RogerBW's Blog

Corridors of Death, Ruth Dudley Edwards 26 August 2018

1981 mystery, first in the Robert Amiss series. After a meeting of a liaison group between government and industry, Sir Nicholas Clark, Permanent Secretary of the Department of Conservation, is beaten to death with an abstract sculpture called "Reconciliation". Everyone seems to have had a motive, and then another murder follows…

Everyong having a motive is of course one of the conventions of the detective story, but Dudley Edwards deconstructs it effectively by examining it: why should all these people, each of whom might be quite nasty but who aren't for the most part the sort to bash someone's head in, have plausibly murder-worthy motives against the same man? And why all at the same time?

Amiss was right. The man was clearly a Grade A shit. That was a relief. He couldn't afford to like another of his prime suspects.

Meanwhile, there's a setting which shares time and place with Yes, Minister, but in the end is slightly less cynical. Sir Nicholas may have been a horrible person, but most of the others are not; and the obligatory explanations of how the Whitehall Civil Service works, and what sort of people do well in it, are rather kinder than the broad satire of that other set of stories.

Amiss, Private Secretary to Sir Nicholas, is an amateur sleuth in the tradition of the novice thrown into the game, but he works with Superintendent Milton (formally in charge of the case) since they seem to understand each other.

"Not only, it seems, did you know the man better than anyone else, you are the first to have offered me anything other than pious crap. You can point me at likely suspects, help me to understand motives and explain to me what goes on in bloody Whitehall. And what's more, you have a cast-iron alibi unless you and the Chancellor of the Exchequer are involved in a conspiracy."

This isn't a story about timing and alibis, but a psychological consideration of motive and personality, so Amiss can provide Milton with the background information he needs, while Milton does the police-work and interrogation of suspects. The narrative follows their separate days, and then their evening meetings when they can compare notes and make further suggestions to each other.

All the people work as real people; even the minor background characters have something unexpected about them. For a psychological story, it's crucial to get the personalities right, and Dudley Edwards pulls this off superbly. (Though it's sometimes a little fiddly to remember which one's Nixon and which one's Parkinson.) Alas, the resolution doesn't quite work: there's a sudden inspiration, a thing for Amiss to find which nobody else has found (for no obvious reason), and a confession which for me doesn't fit the person we've met over the preceding chapters.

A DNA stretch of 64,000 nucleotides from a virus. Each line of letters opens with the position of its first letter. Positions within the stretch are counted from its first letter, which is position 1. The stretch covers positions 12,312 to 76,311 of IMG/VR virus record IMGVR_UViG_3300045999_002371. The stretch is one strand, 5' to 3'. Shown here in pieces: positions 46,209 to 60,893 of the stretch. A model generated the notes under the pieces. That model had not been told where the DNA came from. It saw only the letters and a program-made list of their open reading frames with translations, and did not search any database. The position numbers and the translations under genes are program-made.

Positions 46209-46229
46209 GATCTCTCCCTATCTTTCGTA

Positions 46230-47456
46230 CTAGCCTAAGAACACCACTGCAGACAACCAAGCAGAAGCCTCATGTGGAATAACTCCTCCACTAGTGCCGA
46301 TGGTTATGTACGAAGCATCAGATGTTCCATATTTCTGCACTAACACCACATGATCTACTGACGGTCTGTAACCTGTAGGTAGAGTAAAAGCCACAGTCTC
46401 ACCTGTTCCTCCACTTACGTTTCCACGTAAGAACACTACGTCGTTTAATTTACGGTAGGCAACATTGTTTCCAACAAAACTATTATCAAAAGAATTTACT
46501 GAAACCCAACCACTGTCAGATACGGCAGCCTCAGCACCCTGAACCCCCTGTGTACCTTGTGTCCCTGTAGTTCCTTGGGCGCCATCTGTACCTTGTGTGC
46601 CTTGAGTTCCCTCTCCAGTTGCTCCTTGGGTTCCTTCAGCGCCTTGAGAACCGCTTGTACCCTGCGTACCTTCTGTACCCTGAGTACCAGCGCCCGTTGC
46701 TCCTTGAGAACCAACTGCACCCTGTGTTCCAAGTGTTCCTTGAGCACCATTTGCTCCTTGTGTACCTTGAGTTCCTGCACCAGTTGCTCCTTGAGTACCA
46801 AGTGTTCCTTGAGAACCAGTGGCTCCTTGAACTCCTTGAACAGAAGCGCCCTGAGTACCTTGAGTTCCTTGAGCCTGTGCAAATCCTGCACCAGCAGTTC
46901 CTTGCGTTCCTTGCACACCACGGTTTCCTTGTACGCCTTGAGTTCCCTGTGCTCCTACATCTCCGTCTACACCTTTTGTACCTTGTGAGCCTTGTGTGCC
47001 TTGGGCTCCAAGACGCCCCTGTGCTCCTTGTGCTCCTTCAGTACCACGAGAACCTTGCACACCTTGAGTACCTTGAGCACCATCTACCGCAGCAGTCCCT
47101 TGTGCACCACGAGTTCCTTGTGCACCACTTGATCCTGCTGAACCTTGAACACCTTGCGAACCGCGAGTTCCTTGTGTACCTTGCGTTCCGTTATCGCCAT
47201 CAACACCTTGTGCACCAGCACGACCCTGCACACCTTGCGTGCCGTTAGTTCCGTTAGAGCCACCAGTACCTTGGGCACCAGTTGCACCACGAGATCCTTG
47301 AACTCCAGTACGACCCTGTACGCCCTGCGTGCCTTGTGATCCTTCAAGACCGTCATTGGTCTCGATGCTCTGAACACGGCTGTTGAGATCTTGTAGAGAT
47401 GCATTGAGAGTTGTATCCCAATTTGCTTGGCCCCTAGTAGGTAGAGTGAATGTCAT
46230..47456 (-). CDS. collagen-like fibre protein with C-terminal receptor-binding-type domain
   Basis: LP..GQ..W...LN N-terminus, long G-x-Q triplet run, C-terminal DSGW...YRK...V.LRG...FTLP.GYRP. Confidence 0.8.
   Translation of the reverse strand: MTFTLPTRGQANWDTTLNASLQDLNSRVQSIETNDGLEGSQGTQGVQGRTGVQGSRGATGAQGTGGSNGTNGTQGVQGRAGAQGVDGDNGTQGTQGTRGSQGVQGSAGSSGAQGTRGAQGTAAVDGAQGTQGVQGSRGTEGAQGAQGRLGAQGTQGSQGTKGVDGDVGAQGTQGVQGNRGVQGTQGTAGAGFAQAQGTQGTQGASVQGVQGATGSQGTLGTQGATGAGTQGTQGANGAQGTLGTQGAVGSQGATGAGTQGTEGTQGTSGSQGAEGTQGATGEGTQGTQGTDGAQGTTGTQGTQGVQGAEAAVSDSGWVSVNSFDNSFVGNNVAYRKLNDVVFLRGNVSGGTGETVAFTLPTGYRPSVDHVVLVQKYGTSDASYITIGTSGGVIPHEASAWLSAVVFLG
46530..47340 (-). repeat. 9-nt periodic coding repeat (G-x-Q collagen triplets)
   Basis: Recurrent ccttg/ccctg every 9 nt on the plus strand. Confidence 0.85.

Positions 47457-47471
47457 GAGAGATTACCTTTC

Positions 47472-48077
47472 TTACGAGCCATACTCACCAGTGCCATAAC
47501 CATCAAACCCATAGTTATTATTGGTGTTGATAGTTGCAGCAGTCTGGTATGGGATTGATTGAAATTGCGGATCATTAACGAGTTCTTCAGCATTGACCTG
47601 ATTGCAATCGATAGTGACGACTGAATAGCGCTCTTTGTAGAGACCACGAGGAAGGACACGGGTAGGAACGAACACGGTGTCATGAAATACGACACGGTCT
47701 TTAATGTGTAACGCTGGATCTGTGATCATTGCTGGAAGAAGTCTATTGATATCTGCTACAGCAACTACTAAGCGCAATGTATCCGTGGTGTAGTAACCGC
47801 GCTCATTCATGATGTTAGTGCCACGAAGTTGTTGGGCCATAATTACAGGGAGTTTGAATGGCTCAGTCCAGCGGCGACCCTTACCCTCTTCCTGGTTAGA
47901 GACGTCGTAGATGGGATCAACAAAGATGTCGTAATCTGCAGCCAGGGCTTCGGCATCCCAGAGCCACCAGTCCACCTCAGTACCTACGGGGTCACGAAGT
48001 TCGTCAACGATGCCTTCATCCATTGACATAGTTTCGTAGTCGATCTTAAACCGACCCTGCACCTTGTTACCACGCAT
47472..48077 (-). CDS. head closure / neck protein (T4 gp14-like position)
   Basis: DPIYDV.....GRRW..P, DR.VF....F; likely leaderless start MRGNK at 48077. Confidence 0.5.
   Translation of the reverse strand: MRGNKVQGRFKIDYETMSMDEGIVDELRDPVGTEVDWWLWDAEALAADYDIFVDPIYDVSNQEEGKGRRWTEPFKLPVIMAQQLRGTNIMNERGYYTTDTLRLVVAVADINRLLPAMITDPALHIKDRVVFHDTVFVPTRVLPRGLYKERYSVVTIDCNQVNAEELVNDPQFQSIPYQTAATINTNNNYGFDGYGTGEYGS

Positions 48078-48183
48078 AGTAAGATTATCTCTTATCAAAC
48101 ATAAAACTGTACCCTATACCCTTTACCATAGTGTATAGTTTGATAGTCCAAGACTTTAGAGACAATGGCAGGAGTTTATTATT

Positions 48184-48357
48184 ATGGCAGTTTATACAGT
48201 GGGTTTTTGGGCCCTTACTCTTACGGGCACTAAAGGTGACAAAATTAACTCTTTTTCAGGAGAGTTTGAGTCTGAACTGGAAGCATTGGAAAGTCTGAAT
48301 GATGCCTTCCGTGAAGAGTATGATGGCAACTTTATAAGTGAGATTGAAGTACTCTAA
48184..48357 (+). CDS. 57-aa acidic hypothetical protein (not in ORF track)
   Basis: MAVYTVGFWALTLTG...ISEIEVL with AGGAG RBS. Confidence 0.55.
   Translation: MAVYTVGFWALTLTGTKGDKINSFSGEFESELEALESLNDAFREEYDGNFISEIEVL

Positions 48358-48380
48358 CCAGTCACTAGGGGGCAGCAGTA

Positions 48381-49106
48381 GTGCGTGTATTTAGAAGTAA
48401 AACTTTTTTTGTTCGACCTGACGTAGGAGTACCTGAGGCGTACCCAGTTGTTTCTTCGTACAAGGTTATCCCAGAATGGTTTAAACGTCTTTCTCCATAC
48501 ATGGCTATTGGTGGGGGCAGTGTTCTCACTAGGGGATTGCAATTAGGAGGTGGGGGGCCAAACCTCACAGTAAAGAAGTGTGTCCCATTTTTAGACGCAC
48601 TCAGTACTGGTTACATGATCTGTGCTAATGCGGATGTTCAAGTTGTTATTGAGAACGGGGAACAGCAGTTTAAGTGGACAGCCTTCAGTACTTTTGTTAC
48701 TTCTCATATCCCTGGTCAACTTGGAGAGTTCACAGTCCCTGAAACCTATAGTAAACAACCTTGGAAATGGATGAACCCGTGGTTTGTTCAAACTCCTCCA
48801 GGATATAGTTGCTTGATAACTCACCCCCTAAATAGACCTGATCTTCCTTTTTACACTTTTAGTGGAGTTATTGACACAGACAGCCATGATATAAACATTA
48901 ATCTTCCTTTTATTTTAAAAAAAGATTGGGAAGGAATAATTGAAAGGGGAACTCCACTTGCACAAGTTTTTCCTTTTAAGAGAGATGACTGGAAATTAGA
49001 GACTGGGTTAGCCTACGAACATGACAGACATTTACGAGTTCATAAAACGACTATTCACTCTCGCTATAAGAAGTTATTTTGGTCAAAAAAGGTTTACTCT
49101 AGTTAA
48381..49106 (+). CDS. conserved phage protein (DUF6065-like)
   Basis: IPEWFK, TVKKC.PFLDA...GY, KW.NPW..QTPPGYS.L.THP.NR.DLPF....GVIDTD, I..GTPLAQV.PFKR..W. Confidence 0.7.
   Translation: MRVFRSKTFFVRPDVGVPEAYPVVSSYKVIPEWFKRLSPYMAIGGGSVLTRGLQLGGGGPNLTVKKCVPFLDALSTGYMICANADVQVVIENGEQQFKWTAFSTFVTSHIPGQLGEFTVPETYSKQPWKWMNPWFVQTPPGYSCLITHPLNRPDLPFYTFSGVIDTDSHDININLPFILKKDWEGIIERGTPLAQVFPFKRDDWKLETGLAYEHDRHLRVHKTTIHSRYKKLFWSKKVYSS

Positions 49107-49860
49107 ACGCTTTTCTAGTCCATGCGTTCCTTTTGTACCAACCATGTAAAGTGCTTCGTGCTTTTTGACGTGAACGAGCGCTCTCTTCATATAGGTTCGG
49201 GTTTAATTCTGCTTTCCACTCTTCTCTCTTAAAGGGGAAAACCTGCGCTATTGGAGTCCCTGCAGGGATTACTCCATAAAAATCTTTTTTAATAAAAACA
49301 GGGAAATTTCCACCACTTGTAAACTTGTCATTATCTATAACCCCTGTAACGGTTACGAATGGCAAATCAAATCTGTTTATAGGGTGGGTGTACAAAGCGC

But in spite of that one significant drawback it works very well, and I'll look forward to reading more in this series.

Series recommended by Gus. Followed by The Saint Valentine's Day Murders.

[Buy this at Amazon] and help support the blog. ["As an Amazon Associate, I earn from qualifying purchases."]

Series: Robert Amiss | Next in series: St Valentine's Day Murders, The

Comments on this post are now closed. If you have particular grounds for adding a late comment, comment on a more recent post quoting the URL of this one.

Tags 1920s 1930s 1940s 1950s 1960s 1970s 1980s 1990s 2000s 2010s 3d printing action advent of code aeronautics aikakirja anecdote animation anime army astronomy audio audio tech aviation base commerce battletech beer boardgaming book of the week bookmonth chain of command children chris chronicle church of no redeeming virtues cold war comedy computing contemporary cornish smuggler cosmic encounter coup covid-19 crime crystal cthulhu eternal cycling dead of winter doctor who documentary drama driving drone ecchi economics en garde espionage essen 2015 essen 2016 essen 2017 essen 2018 essen 2019 essen 2022 essen 2023 existential risk falklands war fandom fanfic fantasy feminism film firefly first world war flash point flight simulation food garmin drive gazebo genesys geocaching geodata gin gkp gurps gurps 101 gus harpoon historical history horror hugo 2014 hugo 2015 hugo 2016 hugo 2017 hugo 2018 hugo 2019 hugo 2020 hugo 2021 hugo 2022 hugo 2023 hugo 2024 hugo-nebula reread in brief avoid instrumented life javascript julian simpson julie enfield kickstarter kotlin learn to play leaving earth linux liquor lovecraftiana lua mecha men with beards mpd museum music mystery naval noir non-fiction one for the brow opera parody paul temple perl perl weekly challenge photography podcast politics postscript powers prediction privacy project woolsack pyracantha python quantum rail raku ranting raspberry pi reading reading boardgames social real life restaurant reviews romance rpg a day rpgs ruby rust scala science fiction scythe second world war security shipwreck simutrans smartphone south atlantic war squaddies stationery steampunk stuarts suburbia superheroes suspense television the resistance the weekly challenge thirsty meeples thriller tin soldier torg toys trailers travel type 26 type 31 type 45 vietnam war war wargaming weather wives and sweethearts writing about writing x-wing young adult
Special All book reviews, All film reviews
Produced by aikakirja v0.1